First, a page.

Dear Military Wife Who Is Pregnant & Alone

pregnant woman staring out window
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Hey there. I bet you're wondering how this happened to you. Are you thinking that you didn't sign up to be a single parent, but now here you are, pregnant and alone while your husband is in some other part of the world? I know it's tough right now, but you will survive this and come out the other side stronger than you ever believed possible. I know, it doesn't seem like it right now. But I've been there.

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My husband wasn't supposed to deploy, but you know how it is in the military. Schedules change. Everything is written in pencil. We even had to move our wedding date three times to accommodate his ever-changing schedule. I laughed the first time I heard the saying, "If the navy wanted you to have a wife, they would've put one in your sea bag." I'd say it's funny because it's true, but it's not really funny at all.

He told me he wasn't going to have to deploy, and his commanding officer backed him up. At that point, we'd been through seven or eight deployments, each lasting three to six months, and he was getting near the end of his career. I felt like we'd paid our dues and this was the reward: He'd be home to see our baby born.

Wrong. 

It was the middle of August and I was due in December. "I have bad news," he said. "I have to go."

I felt like I was going to pass out. I spent the next few weeks in a daze, finishing up the nursery and getting things in order while secretly hoping something would happen that would keep him home. But October came, and he got on a plane and left. I was terrified. I'd gone through a lot to get this far, including a miscarriage the year before. Now I had to get through my last trimester alone while worrying about his safety overseas. I needed him, and he wasn't there.

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He was gone for eight months. He missed our wedding anniversary, Halloween, Thanksgiving, Christmas, New Year's, Valentine's Day, Easter, and my birthday. He came home two days after my first Mother's Day. But -- and it's a big but -- he got to come home for the birth of our son. And when my scheduled induction turned into a C-section, we got lucky (ha!) and scored a few extra days together. I felt like I'd won the lottery, because so many military wives don't get even that much. But his commanding officer wouldn't let him stay for Christmas, so we celebrated on December 21 and he left on the 22nd. I think I cried until New Year's.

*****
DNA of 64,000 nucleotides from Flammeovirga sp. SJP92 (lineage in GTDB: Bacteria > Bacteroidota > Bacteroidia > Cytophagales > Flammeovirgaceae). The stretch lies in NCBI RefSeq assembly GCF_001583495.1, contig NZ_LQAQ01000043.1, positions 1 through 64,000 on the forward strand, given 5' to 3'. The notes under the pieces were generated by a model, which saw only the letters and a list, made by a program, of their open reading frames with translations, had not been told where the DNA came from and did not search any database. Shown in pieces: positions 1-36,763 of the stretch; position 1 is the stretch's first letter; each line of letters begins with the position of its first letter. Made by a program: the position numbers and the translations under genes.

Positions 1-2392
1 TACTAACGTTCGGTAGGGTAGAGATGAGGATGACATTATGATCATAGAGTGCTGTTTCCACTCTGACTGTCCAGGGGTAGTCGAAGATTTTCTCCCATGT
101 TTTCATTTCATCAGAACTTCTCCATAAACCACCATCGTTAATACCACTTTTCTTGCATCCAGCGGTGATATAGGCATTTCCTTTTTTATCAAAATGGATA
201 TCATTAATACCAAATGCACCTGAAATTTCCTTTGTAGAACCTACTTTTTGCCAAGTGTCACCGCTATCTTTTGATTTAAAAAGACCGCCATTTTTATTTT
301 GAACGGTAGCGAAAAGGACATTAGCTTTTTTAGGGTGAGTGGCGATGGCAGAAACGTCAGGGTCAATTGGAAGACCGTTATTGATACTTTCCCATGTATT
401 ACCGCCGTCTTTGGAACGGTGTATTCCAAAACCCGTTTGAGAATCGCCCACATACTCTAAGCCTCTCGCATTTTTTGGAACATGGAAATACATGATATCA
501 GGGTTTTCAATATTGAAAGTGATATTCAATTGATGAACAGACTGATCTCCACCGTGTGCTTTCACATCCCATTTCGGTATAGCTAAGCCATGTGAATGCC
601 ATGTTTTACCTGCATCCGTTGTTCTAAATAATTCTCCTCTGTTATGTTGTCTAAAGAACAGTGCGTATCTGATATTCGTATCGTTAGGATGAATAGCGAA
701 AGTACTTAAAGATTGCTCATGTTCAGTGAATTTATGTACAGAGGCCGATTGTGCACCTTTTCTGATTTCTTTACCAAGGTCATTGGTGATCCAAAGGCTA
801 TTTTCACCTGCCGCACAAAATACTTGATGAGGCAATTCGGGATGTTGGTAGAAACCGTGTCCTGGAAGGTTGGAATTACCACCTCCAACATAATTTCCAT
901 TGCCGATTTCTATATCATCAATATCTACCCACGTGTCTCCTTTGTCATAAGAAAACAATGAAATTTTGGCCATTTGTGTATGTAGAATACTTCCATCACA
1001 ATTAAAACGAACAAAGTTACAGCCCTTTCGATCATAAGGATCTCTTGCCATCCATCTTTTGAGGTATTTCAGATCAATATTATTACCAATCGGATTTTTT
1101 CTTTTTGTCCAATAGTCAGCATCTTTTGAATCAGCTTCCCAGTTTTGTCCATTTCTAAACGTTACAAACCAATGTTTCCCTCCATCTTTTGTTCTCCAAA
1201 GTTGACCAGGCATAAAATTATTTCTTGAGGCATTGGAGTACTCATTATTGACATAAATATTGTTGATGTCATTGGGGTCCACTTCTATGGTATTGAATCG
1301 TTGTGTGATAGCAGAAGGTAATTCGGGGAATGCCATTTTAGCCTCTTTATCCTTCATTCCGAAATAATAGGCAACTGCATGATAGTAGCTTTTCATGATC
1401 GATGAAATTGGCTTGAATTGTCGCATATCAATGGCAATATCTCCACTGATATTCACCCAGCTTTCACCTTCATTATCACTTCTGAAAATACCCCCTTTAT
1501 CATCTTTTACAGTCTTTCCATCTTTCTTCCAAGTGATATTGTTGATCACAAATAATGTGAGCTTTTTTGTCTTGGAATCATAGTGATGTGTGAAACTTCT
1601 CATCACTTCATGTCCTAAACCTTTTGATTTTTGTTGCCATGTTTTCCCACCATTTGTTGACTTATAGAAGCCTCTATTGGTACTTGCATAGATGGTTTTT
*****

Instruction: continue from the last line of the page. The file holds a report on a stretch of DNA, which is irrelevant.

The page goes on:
Your story may be different from mine; your branch of the military might have shorter or longer separations. But you have had to deal with the reality that you are pregnant and you are alone and he may or may not be home when the baby is born. No matter what your situation is, it's hard -- damn hard -- to be pregnant and alone.

It's OK to be sad, and it's OK to ask for help, whether it's from your family, friends, or your spouse's command. I learned that the best thing I could do was be as prepared as possible and take care of myself. I had a friend on call in the event I went into labor early and I hired a doula to be my birth coach in case my husband didn't make it home for the birth. I wish I'd prepared more for after the baby was born -- with freezer meals and a babysitter lined up for times when I needed a break -- and I wish I'd asked for more help than I did.

I didn't sign up to be a single parent, and neither did you, but it's part of the experience of being a military spouse to sometimes tap into our reserves. If you've been through separations before, then you have already learned to manage things on your own. You know about the lonely days, the nights when every bump in the dark sets your heart racing, taking up the chores and responsibilities he normally handles when he's home, the importance of communication for your mental health and your relationship.

More from CafeMom: Mom Has Perfect Response to Stranger Who Implied She Has Too Many Kids

Communication becomes even more important when you're pregnant. There will be times when you'll feel resentment: at his job, at the military in general, at the callous nature of scheduling, and, yes, at him. You will feel like he has abandoned you, even though you logically know that's not the case. You will feel like he doesn't know how hard it is on you -- and maybe he doesn't, but it's hard on him, too. The milestones that you will remember for the rest of your life are secondhand stories for him. He's missing out on the big stuff while you're going through the big stuff alone.

I won't lie: Those eight months my husband was deployed were the hardest, scariest time of our entire military marriage. There were days when all I wanted to do was scream, days when I didn't shower or get dressed or do more than hold and feed the baby. It is already so hard to be a new mom, and being a new mom whose spouse is in the military and away is even harder.

Your civilian friends will think it's impossible, but you know better. You will get through this. You will, I promise. You are not alone and you are not weak. You married into the military -- but you are a warrior in your own right. You have generations of military wives before you, believing in you and supporting you. You can do this.

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